A lot of the commentary around this issue has been charged - some are accusing Twitter of acting akin to the British East India Company which is simply absurd. There is an obvious difference between social media regulation and full scale colonization and it wouldn’t kill commentators to keep that in mind.
Some of the arguments that the government should act to remove Twitter are not new in a way. India has a history of throwing out companies that the government finds undesirable. One need only look to the 1970s when the first non Congress government took power and the veteran socialist leader (and future Defense Minister) George Fernandes was made Union Minister for Industries.
The Janata Party government in which Fernandes served removed Coca Cola from the Indian market. For those of you who enjoy Thums Up, which came to be as a result of this removal, make sure you raise a glass to him - it wouldn’t have happened had Coca Cola maintained its grip on the market. The argument here is that when he threw Coca Cola (and other foreign firms) out, domestic firms took their place. Would Wipro exist without him having sent IBM back to the United States? It’s doubtful. Some are pining for another round - basically, throw out the companies and let Indian ones take their places. They look to the great firewall of China as an example - if only to highlight the fact that local social media companies like Weibo and WeChat are succeeding because of the government keeping out American big tech.
The other side of this argument is that times change and what worked in one era may not work in another. The lynchpin of social media is that it connects people - there is a massive network effect that you can only replicate by growing a user base. None of these tech companies are trying to have a user base in only one country because that runs up against a roof pretty quickly - they all try to expand globally. With that in mind, would an Indian replacement for Twitter work well? The answer seems to be no - the best example being the recently launched Koo. Koo has around 6 million users in India and Twitter around 3x that. Koo has grown quickly by any measure but only time will tell if it can become a multinational akin to the company it is trying to supplant. The only other place where Koo is big is Nigeria which was also recently in the news for banning Twitter. Can you build a company by only going where Twitter is banned/persona non grata? Again, fairly unlikely.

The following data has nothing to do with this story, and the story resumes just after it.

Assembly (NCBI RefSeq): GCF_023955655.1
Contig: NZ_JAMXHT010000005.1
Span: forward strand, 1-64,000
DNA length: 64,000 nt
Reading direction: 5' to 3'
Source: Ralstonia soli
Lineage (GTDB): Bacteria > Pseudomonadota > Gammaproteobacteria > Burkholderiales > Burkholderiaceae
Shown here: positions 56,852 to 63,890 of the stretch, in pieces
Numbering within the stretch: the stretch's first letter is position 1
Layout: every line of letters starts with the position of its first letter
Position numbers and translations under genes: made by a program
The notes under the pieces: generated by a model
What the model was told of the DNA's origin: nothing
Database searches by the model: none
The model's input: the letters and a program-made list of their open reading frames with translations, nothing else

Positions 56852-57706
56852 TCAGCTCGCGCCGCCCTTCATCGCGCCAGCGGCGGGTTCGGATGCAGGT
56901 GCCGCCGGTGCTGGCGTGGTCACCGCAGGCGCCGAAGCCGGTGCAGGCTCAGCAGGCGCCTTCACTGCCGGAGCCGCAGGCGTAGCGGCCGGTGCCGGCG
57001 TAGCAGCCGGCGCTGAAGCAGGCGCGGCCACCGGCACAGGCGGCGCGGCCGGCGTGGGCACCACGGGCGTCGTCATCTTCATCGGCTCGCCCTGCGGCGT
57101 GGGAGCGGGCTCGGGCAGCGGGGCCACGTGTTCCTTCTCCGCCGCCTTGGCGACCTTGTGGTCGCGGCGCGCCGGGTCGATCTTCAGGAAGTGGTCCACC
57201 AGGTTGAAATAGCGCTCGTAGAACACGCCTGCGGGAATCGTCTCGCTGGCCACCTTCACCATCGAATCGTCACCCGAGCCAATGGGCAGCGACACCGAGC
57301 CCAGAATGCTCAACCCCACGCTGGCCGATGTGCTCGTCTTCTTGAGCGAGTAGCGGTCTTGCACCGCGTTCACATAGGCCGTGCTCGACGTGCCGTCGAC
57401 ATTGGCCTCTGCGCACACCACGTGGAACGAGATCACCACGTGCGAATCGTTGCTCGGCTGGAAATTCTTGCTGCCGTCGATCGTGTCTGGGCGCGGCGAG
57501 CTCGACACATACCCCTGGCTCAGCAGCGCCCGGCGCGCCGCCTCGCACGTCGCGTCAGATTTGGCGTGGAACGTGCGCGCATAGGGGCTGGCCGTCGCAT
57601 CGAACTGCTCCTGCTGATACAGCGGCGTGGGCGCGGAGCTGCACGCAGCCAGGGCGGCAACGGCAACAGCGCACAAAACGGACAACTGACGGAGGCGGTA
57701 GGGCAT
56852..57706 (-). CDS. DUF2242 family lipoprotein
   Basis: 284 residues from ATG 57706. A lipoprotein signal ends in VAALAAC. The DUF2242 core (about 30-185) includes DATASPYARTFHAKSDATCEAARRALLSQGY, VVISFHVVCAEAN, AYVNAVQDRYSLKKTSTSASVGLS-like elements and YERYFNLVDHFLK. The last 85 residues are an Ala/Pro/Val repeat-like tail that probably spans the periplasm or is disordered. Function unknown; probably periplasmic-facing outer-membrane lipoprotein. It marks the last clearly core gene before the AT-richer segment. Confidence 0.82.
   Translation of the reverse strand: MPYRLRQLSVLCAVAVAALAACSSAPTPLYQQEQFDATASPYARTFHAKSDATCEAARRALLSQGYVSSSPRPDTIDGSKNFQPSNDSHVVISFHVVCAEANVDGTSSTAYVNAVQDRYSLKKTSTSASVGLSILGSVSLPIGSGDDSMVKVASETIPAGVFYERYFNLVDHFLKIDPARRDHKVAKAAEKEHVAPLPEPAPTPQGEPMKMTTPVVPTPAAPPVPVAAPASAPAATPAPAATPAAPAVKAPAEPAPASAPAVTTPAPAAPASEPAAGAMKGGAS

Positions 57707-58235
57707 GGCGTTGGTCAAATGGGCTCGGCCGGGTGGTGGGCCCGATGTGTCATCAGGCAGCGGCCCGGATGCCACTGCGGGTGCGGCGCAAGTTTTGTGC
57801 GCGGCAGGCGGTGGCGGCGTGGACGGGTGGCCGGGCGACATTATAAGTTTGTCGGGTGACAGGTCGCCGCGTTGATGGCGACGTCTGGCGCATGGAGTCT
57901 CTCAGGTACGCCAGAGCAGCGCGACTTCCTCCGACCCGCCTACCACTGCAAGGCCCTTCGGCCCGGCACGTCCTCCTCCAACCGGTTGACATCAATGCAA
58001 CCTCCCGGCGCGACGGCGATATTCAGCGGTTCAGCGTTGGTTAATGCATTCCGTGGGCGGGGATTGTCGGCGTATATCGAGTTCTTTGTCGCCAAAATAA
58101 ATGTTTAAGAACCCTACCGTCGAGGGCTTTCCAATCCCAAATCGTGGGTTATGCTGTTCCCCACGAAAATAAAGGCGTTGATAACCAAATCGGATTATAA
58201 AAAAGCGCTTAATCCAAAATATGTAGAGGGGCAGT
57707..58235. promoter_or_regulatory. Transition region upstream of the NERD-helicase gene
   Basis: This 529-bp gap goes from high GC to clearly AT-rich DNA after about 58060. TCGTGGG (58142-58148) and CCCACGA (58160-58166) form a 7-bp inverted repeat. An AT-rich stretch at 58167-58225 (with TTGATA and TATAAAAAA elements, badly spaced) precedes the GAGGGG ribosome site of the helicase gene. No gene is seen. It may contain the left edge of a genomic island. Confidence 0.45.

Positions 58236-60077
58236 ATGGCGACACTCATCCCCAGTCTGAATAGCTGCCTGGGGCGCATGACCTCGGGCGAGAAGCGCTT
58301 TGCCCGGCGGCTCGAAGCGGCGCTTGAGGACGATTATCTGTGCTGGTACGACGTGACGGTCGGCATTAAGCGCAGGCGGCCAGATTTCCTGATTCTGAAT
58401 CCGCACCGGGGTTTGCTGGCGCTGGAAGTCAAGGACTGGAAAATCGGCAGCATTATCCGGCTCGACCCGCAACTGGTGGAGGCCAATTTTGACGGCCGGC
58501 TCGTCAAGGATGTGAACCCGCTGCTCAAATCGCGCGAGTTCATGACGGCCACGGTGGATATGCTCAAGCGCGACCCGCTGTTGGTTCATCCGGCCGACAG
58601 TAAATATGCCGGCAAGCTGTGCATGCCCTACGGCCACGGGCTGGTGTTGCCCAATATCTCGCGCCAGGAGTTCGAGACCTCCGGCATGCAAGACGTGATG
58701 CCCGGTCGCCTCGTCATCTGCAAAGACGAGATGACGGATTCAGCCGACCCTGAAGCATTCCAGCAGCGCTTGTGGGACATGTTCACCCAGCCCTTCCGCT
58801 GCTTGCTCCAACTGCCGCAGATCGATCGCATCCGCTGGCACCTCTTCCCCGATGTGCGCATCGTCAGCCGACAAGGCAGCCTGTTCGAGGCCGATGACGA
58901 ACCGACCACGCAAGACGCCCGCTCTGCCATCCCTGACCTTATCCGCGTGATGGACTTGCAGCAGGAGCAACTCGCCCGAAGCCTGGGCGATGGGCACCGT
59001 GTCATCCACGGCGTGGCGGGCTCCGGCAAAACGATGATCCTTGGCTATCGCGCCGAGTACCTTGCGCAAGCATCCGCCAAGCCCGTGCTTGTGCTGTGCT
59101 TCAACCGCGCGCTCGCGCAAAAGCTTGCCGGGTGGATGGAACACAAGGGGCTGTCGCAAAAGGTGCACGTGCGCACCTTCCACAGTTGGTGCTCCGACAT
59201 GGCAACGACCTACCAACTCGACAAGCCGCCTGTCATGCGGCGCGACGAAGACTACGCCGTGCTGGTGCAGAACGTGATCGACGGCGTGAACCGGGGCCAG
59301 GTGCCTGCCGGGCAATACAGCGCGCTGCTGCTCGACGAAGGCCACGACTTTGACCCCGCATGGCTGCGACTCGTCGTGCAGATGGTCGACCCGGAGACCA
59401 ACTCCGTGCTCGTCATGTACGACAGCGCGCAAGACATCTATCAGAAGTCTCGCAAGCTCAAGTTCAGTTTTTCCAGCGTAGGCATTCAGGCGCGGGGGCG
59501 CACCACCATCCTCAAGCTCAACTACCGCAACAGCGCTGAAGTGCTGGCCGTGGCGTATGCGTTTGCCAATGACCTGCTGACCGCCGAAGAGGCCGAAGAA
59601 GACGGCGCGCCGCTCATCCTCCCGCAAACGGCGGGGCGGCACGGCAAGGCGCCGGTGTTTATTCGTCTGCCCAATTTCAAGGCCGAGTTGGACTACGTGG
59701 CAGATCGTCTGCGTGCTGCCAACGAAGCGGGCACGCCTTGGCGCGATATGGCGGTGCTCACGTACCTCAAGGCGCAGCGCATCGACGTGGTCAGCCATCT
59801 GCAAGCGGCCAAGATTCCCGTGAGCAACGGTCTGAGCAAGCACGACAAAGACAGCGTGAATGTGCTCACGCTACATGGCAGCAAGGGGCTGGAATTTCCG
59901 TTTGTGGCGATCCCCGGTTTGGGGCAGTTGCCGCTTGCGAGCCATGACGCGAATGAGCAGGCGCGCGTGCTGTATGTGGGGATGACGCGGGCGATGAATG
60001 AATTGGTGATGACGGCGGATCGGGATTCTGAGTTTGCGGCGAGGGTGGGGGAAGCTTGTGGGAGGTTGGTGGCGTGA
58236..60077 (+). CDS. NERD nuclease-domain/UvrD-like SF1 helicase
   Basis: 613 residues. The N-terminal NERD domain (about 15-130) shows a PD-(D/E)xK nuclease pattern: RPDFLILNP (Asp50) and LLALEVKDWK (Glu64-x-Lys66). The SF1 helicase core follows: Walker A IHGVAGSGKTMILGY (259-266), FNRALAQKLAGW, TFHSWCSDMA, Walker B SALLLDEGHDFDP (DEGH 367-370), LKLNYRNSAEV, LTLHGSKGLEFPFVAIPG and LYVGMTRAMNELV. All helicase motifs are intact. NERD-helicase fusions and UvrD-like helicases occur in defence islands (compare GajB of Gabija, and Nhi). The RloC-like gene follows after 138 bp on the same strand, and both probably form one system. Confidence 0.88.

Regulating social media isn’t easy for any government and Americans need only look to D.C. to see the chaos this regularly causes in this country. Getting it right is important and these rules may end up being a touch too heavy handed - the goal should not be to regulate the industry to death. However, some people want these companies gone and for India to have their own summer of George. Time will tell who was right.
Other things we’re reading
American Political Twitter Is a Sandbox Compared With India
India And Tech Companies Clash Over Censorship, Privacy And 'Digital Colonialism'